Losing My Religion

Don’t worship at my feet, unless you plan to pray and repent—then rinse and repeat.

I’m not perfect. I’m too busy losing my religion with imperfect decisions, drinking too much wine while dancing off beat. And then getting stranded because my man abandoned me.

I guess that makes me a hopeless romantic—a clueless fanatic.

Pretty and pretentious, spending my last five on another glass of red. But I look good while doing it. I may even swing from a Chandelier.

I told you I’m no deity. I don’t have enough dignity.

I’m shallow and shameless, sipping champagne and sliding powders in the back of an Uber while headed to the after hours with a group of losers.

I call that Tuesday.

The perils of inebriated thoughts and an open heart.

Stupid Cupid please stop calling me—manifesting as neighbors seeking dirty favors.

My reservation for living a moral life is because I’m spiritually and emotionally bankrupt.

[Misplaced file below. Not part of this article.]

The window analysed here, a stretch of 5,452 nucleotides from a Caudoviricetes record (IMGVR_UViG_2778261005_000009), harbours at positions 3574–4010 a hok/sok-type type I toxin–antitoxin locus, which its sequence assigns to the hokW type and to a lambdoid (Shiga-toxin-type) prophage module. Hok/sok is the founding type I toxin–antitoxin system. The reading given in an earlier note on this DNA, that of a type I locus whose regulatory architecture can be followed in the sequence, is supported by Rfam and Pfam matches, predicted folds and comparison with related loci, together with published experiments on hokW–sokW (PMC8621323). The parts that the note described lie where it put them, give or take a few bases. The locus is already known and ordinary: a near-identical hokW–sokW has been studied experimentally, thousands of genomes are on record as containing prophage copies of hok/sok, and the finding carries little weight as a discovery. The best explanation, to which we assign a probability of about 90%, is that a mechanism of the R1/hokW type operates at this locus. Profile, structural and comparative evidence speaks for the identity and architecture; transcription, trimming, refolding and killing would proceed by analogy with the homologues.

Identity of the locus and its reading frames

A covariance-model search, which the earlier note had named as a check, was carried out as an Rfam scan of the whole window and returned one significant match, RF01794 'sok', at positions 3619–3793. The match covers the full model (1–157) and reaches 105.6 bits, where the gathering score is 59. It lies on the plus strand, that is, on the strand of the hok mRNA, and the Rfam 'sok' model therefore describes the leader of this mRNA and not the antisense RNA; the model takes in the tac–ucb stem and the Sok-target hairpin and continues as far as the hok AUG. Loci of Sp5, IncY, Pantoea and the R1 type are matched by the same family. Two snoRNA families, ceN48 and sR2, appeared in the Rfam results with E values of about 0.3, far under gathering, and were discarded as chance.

I believe in finer things. Like the Real Housewives.

But living vicariously through rich white women on reality tv won’t make you happy.

Can’t be a housewife without a husband. Even if you’re doing someone else’s.

Not even a divorce decree could set him free—well, we see.

I believe in the baby Jesus, the single act of turning water into wine made be a true believer.

I’m devout, stout addicted to discounts.

I binge on buses, busboys, and budgets.

I’m like a funhouse on a bad block.

I’m like a gay superhero saving prissy queens in tight blue jeans.

I aspire to live in a lily white cul-de-sac featuring manicured lawns and mini mansions. But a good house and garden won’t fix my problem.

I’m destitute and desperate waking up expecting breakfast.

I’m nobody’s personal Jesus.

If only I could turn that water into wine. I would save thousands.

I feel empty. I give my blood, sweat, tears and cum—and that’s putting it simply.

I’m restless and reckless, stressing out my tresses—playing Russian Roulette like Romeo and Juliet.

My journey is like a night of neglect. That’s like last call with no happy ending.

But times are changing. Will we improve in age like fine wine, or are we just getting older?

I don’t know I haven’t aged in five years.

The road the hell is paved through substances and self-reflection.

It will pass like night.

I’m the local fairy, a little scary when I’m off dairy.

If you want to keep me around I need you to clap for me.

But if you put me on a pedestal—you may have to marry me.

Leave a Reply

Your email address will not be published. Required fields are marked *